Civilian guards, school safety bill debated
January 29. 2013 2:56PM
Brandon Valley school officials urged legislators from Districts 10 and 25 to look at the larger issue of school safety and prevention before voting on HB1087, also called the schools sentinel bill, during a legislative coffee Saturday at Bethany Meadows in Brandon. The coffee was the first of two the Brandon Valley Area Chamber of Commerce is hosting during the legislative session.
The sentinel bill passed its first legislative hurdle Friday on an 8-7 vote in the House Education Committee. The bill, which would enable school boards to post armed civilians at their schools, passed the committee after an amendment was added requiring training for all sentinels.
Brandon Valley Superintendent Dave Pappone said his schools have had a resource officer and a crisis plan for years. But he has concerns about HB1087. He predicted that if the bill becomes law, the issue would create divided school districts across the state.
“The real answer is prevention, not response,” he said.
George Gulson, former Brandon Valley superintendent, asked who would be liable if a sentinel ever did harm someone. Pappone said schools might not be able to afford insurance on a civilian sentinel.
District 25 Rep. Jon Hansen, R-Dell Rapids, said those were good points that needed to be discussed when the bill comes into the House.
Hansen’s fellow District 25 Representative, Scott Ecklund, R-Brandon, sits on the House Education Committee and said the committee heard testimony from school officials in outlying areas of the state who said their schools could not afford a law enforcement officer to be present in the school every day. Officials said these schools need civilian sentinels, according to Ecklund.
Another Brandon Valley Administrator disagreed.
Paul Lundberg, Brandon Valley business manager, said it’s a matter of priority.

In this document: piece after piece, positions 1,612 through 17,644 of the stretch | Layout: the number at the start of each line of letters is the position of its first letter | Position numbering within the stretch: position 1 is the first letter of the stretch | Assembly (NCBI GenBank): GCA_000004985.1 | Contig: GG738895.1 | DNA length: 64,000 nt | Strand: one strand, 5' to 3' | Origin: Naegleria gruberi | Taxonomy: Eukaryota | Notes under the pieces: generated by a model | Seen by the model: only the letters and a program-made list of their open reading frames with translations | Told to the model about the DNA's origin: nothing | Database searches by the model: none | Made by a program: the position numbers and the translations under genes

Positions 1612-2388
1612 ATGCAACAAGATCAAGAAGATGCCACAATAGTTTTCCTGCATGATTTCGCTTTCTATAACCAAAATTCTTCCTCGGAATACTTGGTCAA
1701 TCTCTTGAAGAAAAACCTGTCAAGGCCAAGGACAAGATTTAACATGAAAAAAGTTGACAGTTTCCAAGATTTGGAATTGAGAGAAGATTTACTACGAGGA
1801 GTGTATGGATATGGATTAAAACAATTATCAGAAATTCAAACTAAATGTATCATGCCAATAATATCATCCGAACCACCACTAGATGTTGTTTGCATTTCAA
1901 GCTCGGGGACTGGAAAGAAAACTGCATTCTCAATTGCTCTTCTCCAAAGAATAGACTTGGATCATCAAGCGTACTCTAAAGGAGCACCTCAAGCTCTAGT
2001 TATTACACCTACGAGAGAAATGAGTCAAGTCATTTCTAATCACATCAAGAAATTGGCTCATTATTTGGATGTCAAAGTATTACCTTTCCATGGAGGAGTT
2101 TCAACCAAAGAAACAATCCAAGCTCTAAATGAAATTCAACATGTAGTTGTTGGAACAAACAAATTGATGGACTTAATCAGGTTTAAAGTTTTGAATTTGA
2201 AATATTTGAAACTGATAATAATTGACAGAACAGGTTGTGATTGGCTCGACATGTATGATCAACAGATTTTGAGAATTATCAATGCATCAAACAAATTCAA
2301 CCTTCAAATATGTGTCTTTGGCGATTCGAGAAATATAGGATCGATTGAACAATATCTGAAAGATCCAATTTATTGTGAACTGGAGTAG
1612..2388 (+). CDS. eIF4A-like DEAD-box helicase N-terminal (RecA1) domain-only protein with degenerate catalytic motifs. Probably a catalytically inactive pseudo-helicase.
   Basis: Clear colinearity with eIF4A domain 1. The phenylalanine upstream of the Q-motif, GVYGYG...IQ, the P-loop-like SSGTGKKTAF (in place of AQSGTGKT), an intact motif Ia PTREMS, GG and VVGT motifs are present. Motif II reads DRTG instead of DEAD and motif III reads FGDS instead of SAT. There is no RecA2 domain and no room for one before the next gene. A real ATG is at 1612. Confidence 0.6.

“That costs us a teacher to have that officer,” he said.
The legislative panel Saturday also discussed school funding in general. Sen. Tim Rave, R-Baltic, Dist. 25, said school funding is important, but the state has limited income to spend and legislators want to make sure they are putting money into useful programs before they allocate it.
Ecklund said he is embarrassed that South Dakota teacher pay is as low as it is, but he echoed Rave.
“The pie (state income) isn’t that big,” he said.
Rave said he favors a program to use $5 million to give scholarships to college students majoring in education, provided they teach in the state after they graduate. Rave said the program would be self-sustaining after the first year, with interest on the principle covering future scholarships.
District 10 Sen. Shantel Krebs, R-Renner, said the higher education initiative to which Rave referred came out of the legislators’ 2012 summer study. In addition to education, the summer study looked at other issues, such as the oil and gas initiative and mountain pine beetles.
The oil and gas initiative would prepare South Dakota for any spillover of the oil boom that has hit North Dakota. South Dakota does have oil, but not the explosive potential that North Dakota is seeing, Krebs said. However, the state needs to make sure infrastructure such as roads and sewer are ready when an expected moderate oil boom comes to South Dakota, she said.
Mountain pine beetles destroy trees, leading to forest fires. District 10 Rep. Don Haggar, R-Sioux Falls, said the state has reached out to surrounding states to work on a solution collectively.
Krebs introduced Trooper Andrew Steen and his father, Dan Steen, who were in the audience Saturday. Andrew Steen is recovering from severe injuries he received while trying to apprehend a woman after a high-speed chase in Sioux Falls in October. The woman, who is being charged with attempted murder of Steen as well as other crimes, ran her car into Steen while attempting to flee police.
Dan Steen spoke passionately about the state’s obligation to law enforcement and troopers. He said many take security jobs on the side to supplement their income, and they put themselves in danger regularly.
“We need to start taking care of them,” he said.
He said he has heard legislators say many years that “this isn’t a good year” (for a pay raise), and he urged legislators to actively plan for a good year.
Krebs said, “We’re listening and we’re working on it, and I want you to know that.”
She said there might be ways to boost compensation for law enforcement without legislation, and she is working with state officials, including the governor’s office, to see what can be done.
“I’m working on the other side of it,” she told Steen.
|Alica P. Thiele / Argus Leader Media
Legislators met with the public Saturday at Bethany Meadows in Brandon. From left, they are District 10 Sen. Shantel Krebs, R-Renner; District 25 Sen. Tim Rave, R-Baltic; District 25 Reps. Jon Hansen, R-Dell Rapids, and Scott Ecklund, R-Brandon; and District 10 Reps. Jenna Haggar, R-Sioux Falls, and Don Haggar, R-Sioux Falls.